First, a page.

What Does Working Surface Mean?
A working surface is an aisle, ladder, platform, ramp, walkway or any adjoining or connecting level, grade, and/or structure that permits employees to walk and work between access/entry points and exit spaces. These surfaces are subject to various regulations and general safety procedures. Employees conform to general rules of safety designed to keep all walking and working surfaces free of potential hazards including scattered debris/objects, wet floors, or any unsecured station. The application of effective health and safety procedures can deter many predictable accidents due to deficient policy standards that often result in serious injuries or fatalities.
WorkplaceTesting Explains Working Surface
All workplaces pose different risk factors based on layout design, security measures, appropriate protocol and training methods, and compliant behavior demonstrated by personnel. Common working surface preventatives exist such as mandatory guardrails running the length of a flat plane at or above a certain height level, toe board extensions, cleanup materials/equipment, protective covers, and restricted area placards. The Occupational Safety Health Administration (OSHA) has introduced more stringent regulations covering walking and working surface safety guidelines.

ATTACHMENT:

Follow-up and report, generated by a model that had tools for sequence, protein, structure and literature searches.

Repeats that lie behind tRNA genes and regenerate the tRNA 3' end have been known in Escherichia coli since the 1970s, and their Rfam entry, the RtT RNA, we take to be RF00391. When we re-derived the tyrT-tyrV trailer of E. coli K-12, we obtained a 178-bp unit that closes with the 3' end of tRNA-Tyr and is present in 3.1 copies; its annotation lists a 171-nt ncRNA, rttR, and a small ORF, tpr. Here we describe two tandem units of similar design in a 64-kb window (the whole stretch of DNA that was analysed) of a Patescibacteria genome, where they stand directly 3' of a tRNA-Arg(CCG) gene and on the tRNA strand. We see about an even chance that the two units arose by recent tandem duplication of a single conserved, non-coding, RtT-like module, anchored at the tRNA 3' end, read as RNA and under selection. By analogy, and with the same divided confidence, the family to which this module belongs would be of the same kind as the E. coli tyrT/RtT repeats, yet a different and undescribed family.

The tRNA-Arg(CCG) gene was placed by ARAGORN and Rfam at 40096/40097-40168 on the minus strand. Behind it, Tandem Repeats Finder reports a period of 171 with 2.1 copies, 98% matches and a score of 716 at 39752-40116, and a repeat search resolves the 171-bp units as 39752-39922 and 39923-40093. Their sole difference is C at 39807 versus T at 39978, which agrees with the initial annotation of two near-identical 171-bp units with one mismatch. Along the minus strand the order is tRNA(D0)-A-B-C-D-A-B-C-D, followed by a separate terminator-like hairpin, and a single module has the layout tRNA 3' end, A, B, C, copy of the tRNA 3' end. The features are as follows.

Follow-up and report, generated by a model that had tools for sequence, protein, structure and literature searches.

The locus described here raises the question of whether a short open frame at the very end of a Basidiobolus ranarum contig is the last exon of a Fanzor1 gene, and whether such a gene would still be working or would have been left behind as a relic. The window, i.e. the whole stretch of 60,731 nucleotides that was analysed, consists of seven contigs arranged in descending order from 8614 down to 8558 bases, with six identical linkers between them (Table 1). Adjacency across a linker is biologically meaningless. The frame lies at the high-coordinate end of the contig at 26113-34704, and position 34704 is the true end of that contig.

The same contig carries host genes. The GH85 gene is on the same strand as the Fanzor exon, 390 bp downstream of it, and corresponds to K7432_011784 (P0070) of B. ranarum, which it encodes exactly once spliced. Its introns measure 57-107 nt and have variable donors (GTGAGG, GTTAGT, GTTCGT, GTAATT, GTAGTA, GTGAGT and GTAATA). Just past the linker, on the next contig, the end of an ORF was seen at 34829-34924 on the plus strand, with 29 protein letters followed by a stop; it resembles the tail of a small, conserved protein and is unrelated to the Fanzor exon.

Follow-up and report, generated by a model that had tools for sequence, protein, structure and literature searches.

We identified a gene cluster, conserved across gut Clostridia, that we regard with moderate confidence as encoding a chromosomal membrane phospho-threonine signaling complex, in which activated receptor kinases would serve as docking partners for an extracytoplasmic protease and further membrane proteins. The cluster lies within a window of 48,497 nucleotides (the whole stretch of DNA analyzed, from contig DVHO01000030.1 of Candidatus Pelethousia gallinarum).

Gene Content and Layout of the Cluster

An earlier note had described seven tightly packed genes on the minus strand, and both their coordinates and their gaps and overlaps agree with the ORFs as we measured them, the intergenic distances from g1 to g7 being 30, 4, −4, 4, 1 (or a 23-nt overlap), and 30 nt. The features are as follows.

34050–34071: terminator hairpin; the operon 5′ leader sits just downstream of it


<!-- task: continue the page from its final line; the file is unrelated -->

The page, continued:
Several OSHA-based avenues consist of fall protection arrest systems, for instance, body harnesses for easy passage and/or descent purposes, ladder units, loading bay docks, scaffolding, and stairways with reinforced parts and/or contemporary modifications. The Walking-Working Surfaces Standard at 29 CFR 1910, Subpart 10 is a universal mandate where all employers recognize a dynamic model of reducing hazards, promoting worker safety training, and streamlining productivity.
Working surfaces unimpeded by conscious hazards give employees the ability to demonstrate basic mobility functions while executing optimal job performance results.